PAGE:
The Equal Protection Clause, U.S. Const. amend. XIV, commands that no state shall deny to any person within its jurisdiction the equal protection of the laws. This provision creates no substantive rights. Instead, it embodies a general rule that states must treat like cases alike but may treat unlike cases accordingly.
Appellee physicians asserted that although it would be consistent with the standards of their medical practices to prescribe lethal medication for mentally competent, terminally ill patients who were suffering great pain and desired a doctor's help in taking their own lives, they were deterred from doing so by New York's ban on assisting suicide, N.Y. Penal Law § 125.15. Appellant sought review of the judgment of the appellate court determining that New York's prohibition on assisting suicide, N.Y. Penal Law § 125.15, violated the Equal Protection Clause of the Fourteenth Amendment. The Supreme Court of United States reversed the judgment of the appellate court.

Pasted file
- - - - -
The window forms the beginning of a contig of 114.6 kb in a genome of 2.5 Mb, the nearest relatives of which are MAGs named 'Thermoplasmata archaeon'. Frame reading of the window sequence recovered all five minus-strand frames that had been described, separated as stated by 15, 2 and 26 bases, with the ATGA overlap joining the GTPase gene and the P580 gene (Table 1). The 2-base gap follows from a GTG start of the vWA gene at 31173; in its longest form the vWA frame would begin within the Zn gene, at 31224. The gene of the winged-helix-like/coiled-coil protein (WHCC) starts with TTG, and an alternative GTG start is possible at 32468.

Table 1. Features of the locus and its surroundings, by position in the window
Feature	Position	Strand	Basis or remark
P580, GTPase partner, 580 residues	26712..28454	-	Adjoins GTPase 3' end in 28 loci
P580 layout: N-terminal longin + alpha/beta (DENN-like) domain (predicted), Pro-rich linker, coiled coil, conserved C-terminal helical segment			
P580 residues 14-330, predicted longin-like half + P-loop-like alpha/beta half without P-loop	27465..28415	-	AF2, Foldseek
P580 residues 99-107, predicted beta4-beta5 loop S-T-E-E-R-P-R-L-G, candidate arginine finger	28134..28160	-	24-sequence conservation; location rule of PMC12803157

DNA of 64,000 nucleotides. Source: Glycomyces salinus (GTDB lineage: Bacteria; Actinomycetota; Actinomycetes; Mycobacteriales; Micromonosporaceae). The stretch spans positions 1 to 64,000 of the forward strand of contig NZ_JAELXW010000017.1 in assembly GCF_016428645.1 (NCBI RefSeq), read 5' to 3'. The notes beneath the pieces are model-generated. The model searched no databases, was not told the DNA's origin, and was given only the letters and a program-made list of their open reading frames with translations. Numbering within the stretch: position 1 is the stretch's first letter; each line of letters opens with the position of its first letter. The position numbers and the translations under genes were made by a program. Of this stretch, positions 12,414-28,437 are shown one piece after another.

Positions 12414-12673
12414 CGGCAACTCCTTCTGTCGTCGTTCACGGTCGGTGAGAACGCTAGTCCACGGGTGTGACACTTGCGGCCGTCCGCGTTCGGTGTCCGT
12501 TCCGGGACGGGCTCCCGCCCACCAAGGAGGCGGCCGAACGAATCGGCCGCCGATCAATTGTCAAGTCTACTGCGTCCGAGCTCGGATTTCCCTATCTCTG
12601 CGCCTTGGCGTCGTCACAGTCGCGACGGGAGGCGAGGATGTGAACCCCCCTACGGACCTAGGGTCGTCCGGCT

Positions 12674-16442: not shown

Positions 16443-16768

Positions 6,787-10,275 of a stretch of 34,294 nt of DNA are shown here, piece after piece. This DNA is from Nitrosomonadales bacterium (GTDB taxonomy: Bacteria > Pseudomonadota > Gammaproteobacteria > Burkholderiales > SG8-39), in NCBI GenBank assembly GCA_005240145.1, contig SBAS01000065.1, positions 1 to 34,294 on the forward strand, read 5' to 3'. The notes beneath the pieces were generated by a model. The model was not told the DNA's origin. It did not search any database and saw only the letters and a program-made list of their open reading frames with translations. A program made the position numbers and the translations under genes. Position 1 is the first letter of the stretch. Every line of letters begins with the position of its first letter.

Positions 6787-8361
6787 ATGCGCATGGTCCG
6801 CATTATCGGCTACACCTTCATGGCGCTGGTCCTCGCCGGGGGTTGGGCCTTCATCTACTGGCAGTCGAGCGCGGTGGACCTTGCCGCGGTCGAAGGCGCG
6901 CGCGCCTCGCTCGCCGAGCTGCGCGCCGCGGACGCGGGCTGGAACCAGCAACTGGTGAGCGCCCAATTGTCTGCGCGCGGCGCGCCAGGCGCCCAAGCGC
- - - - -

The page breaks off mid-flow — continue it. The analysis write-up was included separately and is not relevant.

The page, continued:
Did New York's prohibition on assisting suicide violate the Equal Protection Clause of the Fourteenth Amendment?
The New York criminal statutes did not violate the equal protection clause, because (1) the criminal statutes neither infringed fundamental rights nor involved suspect classifications; (2) on their faces, neither the statutes banning assisted suicide nor the statutes permitting the refusal of medical treatment treated anyone differently than anyone else or drew any distinctions between persons; (3) the distinction between assisting suicide and refusing lifesaving medical treatment was important, logical, and rational; and (4) New York's reasons for recognizing and acting on the distinction between assisting suicide and refusing lifesaving medical treatment were valid and important public interests. Thus, it was entitled to a strong presumption of validity.